Clara Casal, Magdalena Thur, Elnaz Assar, Nadja Nolte

Making acorns edible

In a hands-on process the Clean Lab Team learns about the processing of acorns.

The Harvest

In and around Amsterdam the oak can be found in parks, forests and along the streets. Once you are attentive, you will see them everywhere around. The Balanophagy Team as well didn’t have to travel far to harvest their first batch of acorns. In the Vliegenbos in North-Amsterdam, a good amount of acorns could be found and brought back to Mediamatic.


Vliegenbos -


The Process

After harvesting, the processing goes on with drying the acorns in the oven or dehydrator. That procedure, on the one hand, makes the acorn storable and on the other hand simplifies the removal of the shell. In the case that you have a dehydrator, drying the acorns at 80°C for 20 minutes should be enough. Drying in the oven will take around 9 hours at around 50°C. After drying, the acorns are crushed and husked.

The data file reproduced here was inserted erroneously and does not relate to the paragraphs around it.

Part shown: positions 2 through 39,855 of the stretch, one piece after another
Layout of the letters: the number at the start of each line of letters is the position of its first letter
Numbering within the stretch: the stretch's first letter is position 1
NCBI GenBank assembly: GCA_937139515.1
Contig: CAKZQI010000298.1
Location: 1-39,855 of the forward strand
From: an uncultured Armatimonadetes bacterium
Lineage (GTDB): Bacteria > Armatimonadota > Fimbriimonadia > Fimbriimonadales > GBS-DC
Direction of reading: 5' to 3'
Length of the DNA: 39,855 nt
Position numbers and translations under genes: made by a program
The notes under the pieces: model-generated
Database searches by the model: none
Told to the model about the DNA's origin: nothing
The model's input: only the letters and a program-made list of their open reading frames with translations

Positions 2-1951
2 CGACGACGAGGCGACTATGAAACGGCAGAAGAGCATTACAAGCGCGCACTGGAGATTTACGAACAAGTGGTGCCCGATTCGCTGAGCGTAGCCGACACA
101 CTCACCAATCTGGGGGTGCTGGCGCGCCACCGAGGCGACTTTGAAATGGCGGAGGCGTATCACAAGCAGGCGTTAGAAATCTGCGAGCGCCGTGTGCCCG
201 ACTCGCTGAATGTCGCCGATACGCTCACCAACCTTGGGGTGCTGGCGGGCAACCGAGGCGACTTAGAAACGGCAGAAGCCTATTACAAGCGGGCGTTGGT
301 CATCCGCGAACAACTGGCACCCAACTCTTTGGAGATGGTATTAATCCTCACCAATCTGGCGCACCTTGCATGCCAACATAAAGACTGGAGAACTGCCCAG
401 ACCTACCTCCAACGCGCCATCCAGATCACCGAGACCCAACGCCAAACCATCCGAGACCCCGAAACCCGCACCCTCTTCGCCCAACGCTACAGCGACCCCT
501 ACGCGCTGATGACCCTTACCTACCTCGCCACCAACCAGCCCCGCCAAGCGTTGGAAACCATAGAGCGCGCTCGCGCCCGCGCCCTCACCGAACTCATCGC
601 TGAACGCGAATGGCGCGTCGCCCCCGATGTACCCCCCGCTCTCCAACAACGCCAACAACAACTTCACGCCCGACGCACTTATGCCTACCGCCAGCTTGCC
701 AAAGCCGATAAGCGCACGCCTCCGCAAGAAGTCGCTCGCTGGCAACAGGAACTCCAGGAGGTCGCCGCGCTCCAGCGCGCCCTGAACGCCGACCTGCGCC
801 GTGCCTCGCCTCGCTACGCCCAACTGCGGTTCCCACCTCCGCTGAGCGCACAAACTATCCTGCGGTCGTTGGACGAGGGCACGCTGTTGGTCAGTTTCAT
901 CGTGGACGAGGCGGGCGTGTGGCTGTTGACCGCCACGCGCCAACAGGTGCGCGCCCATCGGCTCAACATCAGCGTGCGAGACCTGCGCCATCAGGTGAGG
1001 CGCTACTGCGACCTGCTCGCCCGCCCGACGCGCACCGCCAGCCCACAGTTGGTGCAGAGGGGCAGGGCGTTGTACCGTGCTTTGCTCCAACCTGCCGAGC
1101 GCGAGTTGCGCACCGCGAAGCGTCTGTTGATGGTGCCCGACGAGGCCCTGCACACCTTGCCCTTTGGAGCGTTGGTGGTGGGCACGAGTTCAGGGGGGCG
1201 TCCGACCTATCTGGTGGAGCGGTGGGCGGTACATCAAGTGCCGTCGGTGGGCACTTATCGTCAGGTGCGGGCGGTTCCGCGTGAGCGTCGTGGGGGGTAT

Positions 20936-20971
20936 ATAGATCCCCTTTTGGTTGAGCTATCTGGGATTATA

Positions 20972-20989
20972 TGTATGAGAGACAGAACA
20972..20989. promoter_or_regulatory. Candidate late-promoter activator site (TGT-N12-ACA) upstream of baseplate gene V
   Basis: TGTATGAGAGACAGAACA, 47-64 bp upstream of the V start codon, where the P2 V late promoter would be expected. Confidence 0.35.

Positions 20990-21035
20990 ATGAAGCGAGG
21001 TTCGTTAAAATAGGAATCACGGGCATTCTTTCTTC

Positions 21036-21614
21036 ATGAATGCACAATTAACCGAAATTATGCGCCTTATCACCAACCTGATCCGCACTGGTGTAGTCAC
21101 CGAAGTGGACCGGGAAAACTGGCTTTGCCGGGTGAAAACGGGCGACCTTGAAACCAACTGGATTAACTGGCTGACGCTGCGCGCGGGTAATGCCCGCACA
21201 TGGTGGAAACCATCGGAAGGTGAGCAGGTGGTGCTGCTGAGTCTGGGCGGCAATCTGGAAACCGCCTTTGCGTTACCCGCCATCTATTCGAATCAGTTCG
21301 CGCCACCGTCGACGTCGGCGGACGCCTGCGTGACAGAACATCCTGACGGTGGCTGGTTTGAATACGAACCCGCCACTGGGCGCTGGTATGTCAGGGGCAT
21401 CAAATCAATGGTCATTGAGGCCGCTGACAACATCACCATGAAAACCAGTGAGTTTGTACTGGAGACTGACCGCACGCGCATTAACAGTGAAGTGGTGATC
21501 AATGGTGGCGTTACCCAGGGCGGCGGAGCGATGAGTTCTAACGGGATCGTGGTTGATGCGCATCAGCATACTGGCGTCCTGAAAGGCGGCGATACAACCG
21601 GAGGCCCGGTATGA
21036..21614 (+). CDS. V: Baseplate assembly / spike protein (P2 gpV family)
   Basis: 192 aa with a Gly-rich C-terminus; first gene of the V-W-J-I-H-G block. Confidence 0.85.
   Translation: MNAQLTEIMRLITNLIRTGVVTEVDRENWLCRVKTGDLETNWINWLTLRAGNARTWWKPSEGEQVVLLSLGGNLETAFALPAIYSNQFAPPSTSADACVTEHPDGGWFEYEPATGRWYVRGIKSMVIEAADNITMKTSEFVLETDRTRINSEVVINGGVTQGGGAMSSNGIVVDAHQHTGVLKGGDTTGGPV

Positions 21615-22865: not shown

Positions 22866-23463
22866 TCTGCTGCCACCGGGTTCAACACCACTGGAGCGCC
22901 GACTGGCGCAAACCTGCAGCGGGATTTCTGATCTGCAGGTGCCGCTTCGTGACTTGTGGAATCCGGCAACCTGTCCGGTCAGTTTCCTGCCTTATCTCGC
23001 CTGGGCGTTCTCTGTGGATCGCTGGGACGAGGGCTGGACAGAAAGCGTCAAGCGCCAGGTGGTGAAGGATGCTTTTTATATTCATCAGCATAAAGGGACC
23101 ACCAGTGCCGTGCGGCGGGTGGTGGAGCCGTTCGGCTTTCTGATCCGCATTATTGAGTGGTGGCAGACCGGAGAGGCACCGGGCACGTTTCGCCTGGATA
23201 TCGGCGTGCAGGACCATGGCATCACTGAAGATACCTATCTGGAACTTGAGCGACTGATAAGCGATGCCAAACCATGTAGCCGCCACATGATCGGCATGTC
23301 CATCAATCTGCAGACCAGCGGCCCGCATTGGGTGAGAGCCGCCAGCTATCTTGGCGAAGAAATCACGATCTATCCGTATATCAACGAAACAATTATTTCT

Clean Lab Team husking dried acorns -


Final step: Removing poisonous tannins

Acorns contain a good amount of tannins that, in larger quantities, are poisonous for humans. So, after husking, the tannins need to be removed. The team found that rinsing acorns several times with water is the usual way to remove tannins. After rinsing the acorns 2-3 hours in boiling water, the bitter taste disappears. Water should be changed several times during the process. After this step the acorns can be eaten without any danger or astringent feeling in the mouth.


Rinsing acorns -